[Comments to a particular singer/songwriter’s mailing list, revised.]
I was chuckling at the various “if I never hear Pancho & Lefty again…” comments [on the mailing list], having remarked very recently that it’s on the short list of pop songs that I never tire of. (The Wreck of the Edmund Fitzgerald is another, despite its having been the background, on a boom box outside, while I took the SAT. It’s also another where many people disagree with me.)
I grew up listening to, among other things, the traditional ballads (long story-songs) of Anglo–American folk: Songs passed down through the generations, whose authors’ names are long since lost, but which are known by many people in a culture, and sung by professionals onstage and equally by people in the shower or at work or whatever. One of my friends has a large hard drive on her computer entirely dedicated to versions of the Child Ballads. My library is not so complete as that, but still contains dozens of examples from the collection with which Francis James Child blessed us.
Don’t get me wrong. I also love an enormous amount of “singer/songwriter stuff,” the modern “folk” whose authors are known and which is performed for audiences, for pay. But to my mind these are different genres, and modern “folk,” copyrighted and mostly sung by those who write it, is in the second category. And of course it’s a spectrum, or rather several spectra across different dimensions. There are singer/songwriters whose work is acoustic pop-with-guitars or maybe pianos, and singer/songwriters whose work is rooted in and almost indistinguishable from the ancient traditions,* and everything in between. (To my mind, modern–ish political folk—Woody Guthrie, for instance, and his spiritual descendants—is either somewhere in the middle ground or orthogonal to this particular discussion, off on another plane.) My taste tends very strongly toward the latter: trad-style or neo–trad or whatever we choose to call it. And count me among those who can hear a good song over and over and over, performed by different artists or the same artist, in similar or wildly varying styles, and still enjoy them no less. For whatever that’s worth.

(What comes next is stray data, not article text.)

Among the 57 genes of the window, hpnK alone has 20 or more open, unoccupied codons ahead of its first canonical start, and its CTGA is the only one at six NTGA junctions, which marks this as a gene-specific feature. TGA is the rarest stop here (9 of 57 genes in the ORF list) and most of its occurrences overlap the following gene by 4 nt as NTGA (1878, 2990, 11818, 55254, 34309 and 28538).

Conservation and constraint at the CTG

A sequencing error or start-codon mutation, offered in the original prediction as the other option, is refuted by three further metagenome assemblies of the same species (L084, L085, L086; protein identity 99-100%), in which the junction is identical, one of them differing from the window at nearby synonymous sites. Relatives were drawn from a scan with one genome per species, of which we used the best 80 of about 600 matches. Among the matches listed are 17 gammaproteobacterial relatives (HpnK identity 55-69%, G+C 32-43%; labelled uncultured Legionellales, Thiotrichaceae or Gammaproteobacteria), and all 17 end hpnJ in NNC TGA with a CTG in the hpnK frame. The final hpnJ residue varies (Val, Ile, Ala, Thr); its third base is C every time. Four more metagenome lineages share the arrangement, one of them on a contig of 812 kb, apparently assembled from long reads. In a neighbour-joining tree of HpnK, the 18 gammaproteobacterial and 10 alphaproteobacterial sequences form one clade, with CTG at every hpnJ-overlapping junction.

* Stan Rogers used to introduce The Witch of the Westmorland (as Rogers spelled it, along with other edits—-the folk process in action!) as “a 300–year–old ballad written by my friend Archie Fisher,” and that’s the sort of thing I mean.